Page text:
Mushishi and Kino no Tabi feel very similar in style. While the very episodic nature of each show creates a slight similarity, the main character of each show, as well as the light and varied philosophical issues presented in each show create a very noticeable connection. Both Ginko and Kino are rather odd characters, and each act as apathetic observers at times, while becoming extremely involved at other times. Each are led by a similar sense of curiosity, but also act rather passive in pursuit of that curiosity, never stepping on anyone else's toes. In such ways, both shows are likely to evoke similar emotions and thoughts in viewers.
It's quite uncanny how similar these series are. Kino's in an exploration of the human spirit, while Mushishi is an exploration of life itself. Both have some incredible things to say regarding both, and it is very easy to become fascinated with either series. If you love one, you'll surely love the other.
Be prepared to be taken on an adventure with both Mushishi and Kino's Journey, two beautiful tales of personal journeys into new worlds, people and cultures. They successfully explore new lands and the dangers that come with, often helping others whilst learning that little bit more about themselves. Majoritively stand-alone episodes, both series have their own design, sub-culture and goals but will leave you feeling exactly the same way - enchanted.
The parellels between these two series are stunning; both feature an episodic format, each one featuring a different supporting cast in a new area. Both feature an unassuming hero in a series of bizarre circumstances. Both have a highly naturalistic view that supports accepting the world as it is, with all its faults. They both even have a similar structure to their episodes where the events of each episode have a logic that is not immediately clear, sucking the viewer into the story by prompting them to ask, "Just what is going on here?"
Kino no Tabi is an episodic anime about a traveller. Mushishi is an episodic anime about a wanderer. Both walk (or ride) around the world on a kind of a philosophical quest... Meeting different people. Getting to know different places. Learning different tales. Watching (or preventing) different tragedies. They travel because that's all they have. They travel for wander lust. They travel, ironically, 'cause there's nowhere to go. They travel so, one day, they may find themself on the road.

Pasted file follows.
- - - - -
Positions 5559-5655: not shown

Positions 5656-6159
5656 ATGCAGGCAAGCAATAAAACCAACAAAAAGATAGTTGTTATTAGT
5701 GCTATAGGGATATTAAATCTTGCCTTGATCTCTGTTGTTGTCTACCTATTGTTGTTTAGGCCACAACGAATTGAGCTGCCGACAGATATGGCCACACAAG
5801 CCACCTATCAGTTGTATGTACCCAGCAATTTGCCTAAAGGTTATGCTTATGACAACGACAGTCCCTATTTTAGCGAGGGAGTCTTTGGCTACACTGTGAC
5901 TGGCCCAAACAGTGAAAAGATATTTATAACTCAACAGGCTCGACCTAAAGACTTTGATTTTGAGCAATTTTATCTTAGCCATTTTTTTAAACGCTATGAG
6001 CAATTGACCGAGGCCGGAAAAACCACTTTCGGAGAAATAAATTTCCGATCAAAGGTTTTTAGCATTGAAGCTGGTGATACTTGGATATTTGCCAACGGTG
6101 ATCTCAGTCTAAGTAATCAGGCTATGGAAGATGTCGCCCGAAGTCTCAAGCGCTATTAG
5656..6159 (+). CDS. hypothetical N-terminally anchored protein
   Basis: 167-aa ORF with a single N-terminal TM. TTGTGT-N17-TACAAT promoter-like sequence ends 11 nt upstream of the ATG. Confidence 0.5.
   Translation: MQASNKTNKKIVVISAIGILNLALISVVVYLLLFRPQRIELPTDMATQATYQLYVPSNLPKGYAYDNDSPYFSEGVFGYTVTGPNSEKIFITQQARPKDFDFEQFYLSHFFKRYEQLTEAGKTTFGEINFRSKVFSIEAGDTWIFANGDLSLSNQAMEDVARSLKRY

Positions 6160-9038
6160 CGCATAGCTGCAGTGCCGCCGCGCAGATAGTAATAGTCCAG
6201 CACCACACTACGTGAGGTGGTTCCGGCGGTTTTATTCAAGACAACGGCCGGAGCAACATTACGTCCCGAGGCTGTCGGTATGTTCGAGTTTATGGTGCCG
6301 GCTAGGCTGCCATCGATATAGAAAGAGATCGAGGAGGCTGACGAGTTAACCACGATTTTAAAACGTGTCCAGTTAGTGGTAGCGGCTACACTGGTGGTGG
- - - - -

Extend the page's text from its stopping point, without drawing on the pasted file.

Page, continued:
Mushishi's world is filled with color, Kino's world is a brown one. In Mushishi, people are subject, almost defenseless against something greater, bigger: nature itself. In Kino people are tortured and subject to their own nature. Still both are very similar shows, both are beautiful episodic tales about lone travellers and the world around them.
When you look at both series there are obviously quite a bit of similarities. Both series have likeable, pure at heart and laidback protagonists, who will observe the world around them as they travel on in their endless journey, while providing a helping hand to others along the way. Both series will let you travel alongside these protagonist and see the beautiful and strange places they visit, each enchanting in their own way.
But there is something similar about the experience of watching these anime too. While the majority series intend to create a lot of excitement to keep the viewers' interest, Mushishi and Kino no Tabi provide a sometimes eerie but mostly relaxing experience that will make you feel at rest by the time the credits roll by. The fact that the stories are all episodic makes this effect even stronger, because at the end of each episode, everything is as it should be.
Despite the lack of action and thrills, both series will certainly grab and hold your attention. An intelligent plot, beautiful animation and scenery, unconventional storytelling and the strong feeling of satisfaction after every episode make these series into the masterpieces they truly are.
Each episode deals with a new situation allowing the viewer to not be bogged down in trying to understand a detailed plot. It is this aspect which makes it easy to compare the similarities towards both Kino's Journey and Mushishi. The gentle flow of storytelling is a nice touch, focusing entirely on the event of the episode rather than building upon the characters much, allowing for a rather different style of anime that works amazingly.
If you liked this animation, especially its pacing and detailed fantasy-oriented storytelling, you will like this one as well. Both are about travelers of sorts, each posessing a special wisdom beyond their years. Both stories have a progressive story, with very few recurring characters.
I can see that many people have already made a lot of connections between these 2 series. For me the most important thing these 2 series teach you is acceptance of certain truths in life. Some people can accept certain things, some can't, some fight, some let it go, some are brave and some are not. You can't really judge any of the many views of the world, you cant say that something is universally true or false. It just is. And only for that single thing both of these anime are uniqe.
When one talks of either Kino's Journey or Mushishi, one can't help but bring up the other. Both Ginko and Kino are travellers observing different humans and towns, which makes for both shows to be slow-paced, episodic, and great at storytelling. While Kino gets more involved in the countries he visits and Ginko is more detached, no one can honestly say that these aren't great companions for eachother.